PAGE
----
David Meerman Scott

Steve - yes. Sadly most organizations put greater weight on the opinion of lawyers than the opinion of communicators in situations like this. From the lawyers narrow perspective "risk" is mitigated by not saying anything. However, in the big picture silence is much more risky for the organization as a whole.

Louis - Thanks for jumping in. Exactly. On their social sites (so far at least) it is as if nothing has happened.

Chris - thanks for posting your analysis. I'll check it out.

Kelly Burns

Richard- This experience certainly showed the importance of not only having crisis management plans prepared for a broad scope of scenarios, but also of keeping these plans up-to-date and making sure they are well-communicated through organizations.

Steve- I completely agree with your input in regards to listening to your heart vs. listening to your lawyer.

Louis- I am not surprised nothing has been posted on the Penn State Football Facebook/Twitter or the Penn State Athletics Facebook/Twitter, and I doubt the scandal/verdict will ever be addressed in these places unless Coach O'Brien issues a statement on the verdict, etc.

Chris- Thank you for sharing your article. I'm looking forward to reading it.

David Meerman Scott

Kelly - thanks again for sharing your story and for jumping in here to comment.

Wendy Silverwood

Excellent! And I'm not suprised it took a PSU student to realize the best course of action than the denizens of Old Main.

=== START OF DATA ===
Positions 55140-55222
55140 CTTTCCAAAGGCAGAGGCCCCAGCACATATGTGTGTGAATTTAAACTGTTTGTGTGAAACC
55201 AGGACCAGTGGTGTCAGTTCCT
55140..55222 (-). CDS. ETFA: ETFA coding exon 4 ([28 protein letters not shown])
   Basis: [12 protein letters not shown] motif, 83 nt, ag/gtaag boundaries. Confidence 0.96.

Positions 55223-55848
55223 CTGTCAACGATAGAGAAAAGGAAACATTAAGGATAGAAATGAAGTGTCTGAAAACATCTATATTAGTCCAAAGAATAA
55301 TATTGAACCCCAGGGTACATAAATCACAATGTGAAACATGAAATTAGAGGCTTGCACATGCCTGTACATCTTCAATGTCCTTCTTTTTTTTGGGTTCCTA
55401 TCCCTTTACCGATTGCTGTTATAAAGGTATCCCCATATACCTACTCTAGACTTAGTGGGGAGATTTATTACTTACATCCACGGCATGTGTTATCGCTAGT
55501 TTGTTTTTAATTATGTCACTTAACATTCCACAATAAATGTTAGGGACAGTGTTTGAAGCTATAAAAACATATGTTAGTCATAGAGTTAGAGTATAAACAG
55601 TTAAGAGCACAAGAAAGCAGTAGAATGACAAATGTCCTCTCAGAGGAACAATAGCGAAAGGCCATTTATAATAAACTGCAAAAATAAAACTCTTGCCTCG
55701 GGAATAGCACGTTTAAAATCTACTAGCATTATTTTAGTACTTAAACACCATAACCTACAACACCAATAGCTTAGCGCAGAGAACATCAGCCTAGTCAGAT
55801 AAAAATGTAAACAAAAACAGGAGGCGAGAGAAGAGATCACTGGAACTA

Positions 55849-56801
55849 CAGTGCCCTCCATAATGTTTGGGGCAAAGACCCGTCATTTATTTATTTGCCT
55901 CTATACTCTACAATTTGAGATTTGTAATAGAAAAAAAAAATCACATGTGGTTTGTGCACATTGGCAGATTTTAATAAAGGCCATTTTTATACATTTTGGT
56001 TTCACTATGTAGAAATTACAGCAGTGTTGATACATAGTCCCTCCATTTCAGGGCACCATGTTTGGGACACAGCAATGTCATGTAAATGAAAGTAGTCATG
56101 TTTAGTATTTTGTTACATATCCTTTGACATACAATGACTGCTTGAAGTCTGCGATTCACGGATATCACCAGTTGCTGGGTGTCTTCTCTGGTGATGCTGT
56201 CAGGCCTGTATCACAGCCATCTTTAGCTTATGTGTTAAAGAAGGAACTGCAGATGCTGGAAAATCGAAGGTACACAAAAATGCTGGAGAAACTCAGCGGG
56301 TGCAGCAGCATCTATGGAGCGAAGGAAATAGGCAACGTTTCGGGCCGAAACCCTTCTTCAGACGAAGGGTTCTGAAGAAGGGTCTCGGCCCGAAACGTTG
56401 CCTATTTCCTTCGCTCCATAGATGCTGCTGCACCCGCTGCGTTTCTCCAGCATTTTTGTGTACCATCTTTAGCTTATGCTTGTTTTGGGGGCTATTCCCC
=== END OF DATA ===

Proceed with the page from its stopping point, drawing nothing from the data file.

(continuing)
Who is the real Trustee of Penn State? The students.

David Meerman Scott

Wendy -- Yes!

Kelly Burns

Thank you David! It is always wonderful to have the opportunity to share my experiences and the lessons learned.

Wendy- You are spot on with that statement.

Jim M

Kelly says ". . .it took days before the Board of Trustees issued responses and put a face to leadership". IMHO they have still not put a face on leadership as they continually attempt to point the blame elsewhere. Peter Drucker once said "Management is doing things right; leadership is doing the right things". Until the current Trustees depart, there will be no management or leadership for our fine university.

David Meerman Scott

Jim - Good point. I've never seen anyone from the University interviewed.



On many occasions you have mentioned how lawyers and waiting for them can be more of a risk than actually being transparent and communicating with your audience. I hope Kelly finds a job soon. That experience clearly makes her a more valuable asset for any company.

Kelly Burns

Jim - I would agree it is still very hard to pinpoint any single individual who has effectively stepped into a true leadership position. President Erickson is certainly taking the steps that should have been taken more immediately.

Rj - Thank you!

San Antonio Water Softener

It's not too late for Kelly to make plans ahead to succeed. Someday, people will be amazed how far have you gone. Don't give up!